The September 2012 issue of gradPSYCH magazine, published by the American Psychological Association, features an article entitled Psychology’s Tall Tales. The article describes two of the most persistent myths in psychology; those of Phineas Gage and Kitty Genovese (right). The true stories of what happened to Gage and Genovese have been discussed on AHP previously (here and here). In short, the personality changes experienced by Gage following his accident were not as severe as generally reported and during Genovese’s attack bystanders did in fact intervene in various ways.
In addition to recounting the details of these often perpetuated myths, the gradPSYCH article also point to an interesting audio source on the Genovese case. An interview with Genovese’s girlfriend at the time of her murder, Mary Ann Zielonko, can be heard on the Sound Portraits website. Interestingly, the interview begins by retelling the myth of Genovese’s attack. Click here to listen the full audio of that interview.
Previously on AHP: Chris Green critiqued an essay by Christian Jarrett (pictured right), published as a journalistic feature in the latest issue of The Psychologist, 21(9). In this essay, Jarrett outlines — and purports to debunk — several myths in the history of psychology.
Among the examinations of apocrypha surrounding Kitty Genovese and Little Albert is a question regarding the very existence of a Cognitive Revolution in psychology. Green, in response, argues that this makes a different kind of claim than do Jarrett’s other efforts:
There is all manner of debate over what the precise character of the cognitive revolution was. Some have even argued that the continuities with behaviorism are so great that it cannot be considered to be a scientific “revolution” at all. But this kind of historiographic debate is not at all the same project as excavating indisputable facts that have become distorted over the decades with retelling. It is simply the case that many of the details of the story commonly told about the Kitty Genovese case are not true. It is simply the case that Little Albert was conditioned to be afraid of a rat rather than a rabbit. This is not the case with debate over the cognitive revolution, which is a very complicated social and scientific movement that took place over a period of decades (Green, 2008, at AHP here).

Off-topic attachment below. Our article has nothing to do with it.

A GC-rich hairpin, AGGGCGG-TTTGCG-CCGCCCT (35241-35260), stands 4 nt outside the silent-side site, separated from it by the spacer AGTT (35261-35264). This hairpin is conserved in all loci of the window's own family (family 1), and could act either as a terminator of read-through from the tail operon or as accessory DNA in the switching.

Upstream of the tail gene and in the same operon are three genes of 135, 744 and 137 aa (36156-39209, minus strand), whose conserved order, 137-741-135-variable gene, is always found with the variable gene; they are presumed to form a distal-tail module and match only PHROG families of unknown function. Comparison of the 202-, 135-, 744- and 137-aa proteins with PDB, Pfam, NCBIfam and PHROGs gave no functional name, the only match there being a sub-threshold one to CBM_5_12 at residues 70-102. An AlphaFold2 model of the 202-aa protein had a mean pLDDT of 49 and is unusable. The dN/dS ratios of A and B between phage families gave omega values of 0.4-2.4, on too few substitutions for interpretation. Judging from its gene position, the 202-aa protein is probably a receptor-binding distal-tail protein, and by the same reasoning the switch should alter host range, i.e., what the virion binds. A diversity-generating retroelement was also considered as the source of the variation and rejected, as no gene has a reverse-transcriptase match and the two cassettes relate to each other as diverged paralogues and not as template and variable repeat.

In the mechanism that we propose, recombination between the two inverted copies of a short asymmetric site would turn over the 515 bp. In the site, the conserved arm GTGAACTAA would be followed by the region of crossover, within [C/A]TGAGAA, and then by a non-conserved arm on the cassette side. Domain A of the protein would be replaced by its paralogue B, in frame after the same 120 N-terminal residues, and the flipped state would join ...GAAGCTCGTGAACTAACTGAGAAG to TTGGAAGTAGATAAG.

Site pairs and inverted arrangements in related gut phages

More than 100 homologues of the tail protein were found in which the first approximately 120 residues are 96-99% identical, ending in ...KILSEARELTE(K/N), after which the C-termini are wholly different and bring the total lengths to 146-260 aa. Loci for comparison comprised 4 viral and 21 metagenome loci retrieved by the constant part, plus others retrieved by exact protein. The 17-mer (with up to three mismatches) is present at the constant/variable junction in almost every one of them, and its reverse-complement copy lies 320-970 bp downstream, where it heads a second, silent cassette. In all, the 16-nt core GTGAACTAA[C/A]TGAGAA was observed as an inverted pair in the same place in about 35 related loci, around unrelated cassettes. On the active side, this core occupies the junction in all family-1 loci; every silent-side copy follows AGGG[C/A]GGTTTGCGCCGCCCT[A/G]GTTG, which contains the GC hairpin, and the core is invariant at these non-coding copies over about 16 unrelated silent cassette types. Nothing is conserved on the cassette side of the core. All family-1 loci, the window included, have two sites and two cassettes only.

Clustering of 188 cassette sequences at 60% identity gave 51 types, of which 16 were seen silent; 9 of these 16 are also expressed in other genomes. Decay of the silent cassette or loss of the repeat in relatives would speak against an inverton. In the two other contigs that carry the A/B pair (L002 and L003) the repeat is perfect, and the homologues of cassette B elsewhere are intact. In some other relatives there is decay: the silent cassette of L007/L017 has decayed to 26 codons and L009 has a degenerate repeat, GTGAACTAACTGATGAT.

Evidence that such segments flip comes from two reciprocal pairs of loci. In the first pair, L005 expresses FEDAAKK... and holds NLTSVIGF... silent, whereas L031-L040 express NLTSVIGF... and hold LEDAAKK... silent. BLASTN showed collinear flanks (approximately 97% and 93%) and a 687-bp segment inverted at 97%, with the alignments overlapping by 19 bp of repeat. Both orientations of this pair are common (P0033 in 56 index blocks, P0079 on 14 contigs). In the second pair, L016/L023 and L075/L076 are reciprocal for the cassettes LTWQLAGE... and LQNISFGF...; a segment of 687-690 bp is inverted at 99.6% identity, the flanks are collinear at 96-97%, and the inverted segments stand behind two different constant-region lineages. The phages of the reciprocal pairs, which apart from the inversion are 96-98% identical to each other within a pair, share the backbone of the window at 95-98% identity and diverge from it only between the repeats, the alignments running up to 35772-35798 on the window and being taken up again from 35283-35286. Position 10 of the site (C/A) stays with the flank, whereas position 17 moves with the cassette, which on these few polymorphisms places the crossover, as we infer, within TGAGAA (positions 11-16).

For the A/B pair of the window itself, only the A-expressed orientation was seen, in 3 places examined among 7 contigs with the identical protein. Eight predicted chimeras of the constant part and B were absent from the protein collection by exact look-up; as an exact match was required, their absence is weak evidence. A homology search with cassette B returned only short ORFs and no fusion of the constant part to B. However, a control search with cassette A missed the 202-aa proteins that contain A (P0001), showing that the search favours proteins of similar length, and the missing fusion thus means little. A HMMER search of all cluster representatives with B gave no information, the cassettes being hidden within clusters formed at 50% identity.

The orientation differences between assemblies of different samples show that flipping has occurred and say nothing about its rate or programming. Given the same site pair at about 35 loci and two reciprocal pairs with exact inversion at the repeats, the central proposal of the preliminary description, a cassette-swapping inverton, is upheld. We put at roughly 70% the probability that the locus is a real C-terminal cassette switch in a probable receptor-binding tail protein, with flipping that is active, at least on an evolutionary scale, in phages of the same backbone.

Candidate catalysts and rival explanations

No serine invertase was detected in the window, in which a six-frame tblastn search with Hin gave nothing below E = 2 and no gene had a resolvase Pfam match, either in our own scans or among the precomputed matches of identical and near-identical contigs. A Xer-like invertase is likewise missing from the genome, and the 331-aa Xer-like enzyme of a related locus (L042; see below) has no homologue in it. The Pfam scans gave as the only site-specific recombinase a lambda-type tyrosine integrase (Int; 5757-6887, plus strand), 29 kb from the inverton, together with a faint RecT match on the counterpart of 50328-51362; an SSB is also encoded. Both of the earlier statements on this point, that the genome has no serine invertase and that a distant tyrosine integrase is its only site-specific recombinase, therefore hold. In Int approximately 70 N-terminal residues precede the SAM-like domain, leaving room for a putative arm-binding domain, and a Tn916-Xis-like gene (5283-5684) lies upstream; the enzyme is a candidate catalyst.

Green then goes a step further in his criticism. And herein lies the lesson:
What we have here, I fear, is a case of revisionist history attempting to deflect criticism by masquerading as a case of factual “debunking” (Green, 2008, contd).
The significance of this sentence is to be found in the distinction between the good kind of “revision through reexamination” (debunking) and the bad kind of “revision through oversimplification, denial, or distortion” (negationist revisionism). This distinction is sufficiently important that we will examine it in greater detail below.
Caveat: What follows is my opinion, not an attempt to explain “what Green really meant.” (Criticism is welcome; please feel free to leave comments below.) Continue reading The Cognitive Revolution (Myths, Part 2)
The British Psychological Society’s flagship journal, The Psychologist, has published two items related to the history of psychology in its latest issue, and it has kindly made them freely available on its website.
The first is an article by Australian psychologist Malcolm Macmillan on the mythology surrounding the case of Phineas Gage, the Vermont railroad worker who had a tamping iron blasted through his head in 1848 and lived to tell about it.
Macmillan’s research on the case was published in An Odd Kind of Fame: Stories of Phineas Gage (MIT, 2002), and he has been interviewed for my podcast series, “This Week in the History of Psychology” (Sept. 11-17). Through extensive examination of the primary documents in the case, MacMillan has discovered that the Gage case has been distorted repeatedly through the century-and-a-half since, to suit the neuropsychological theories of the person writing the account. Continue reading “The Psychologist” on Scientific Myths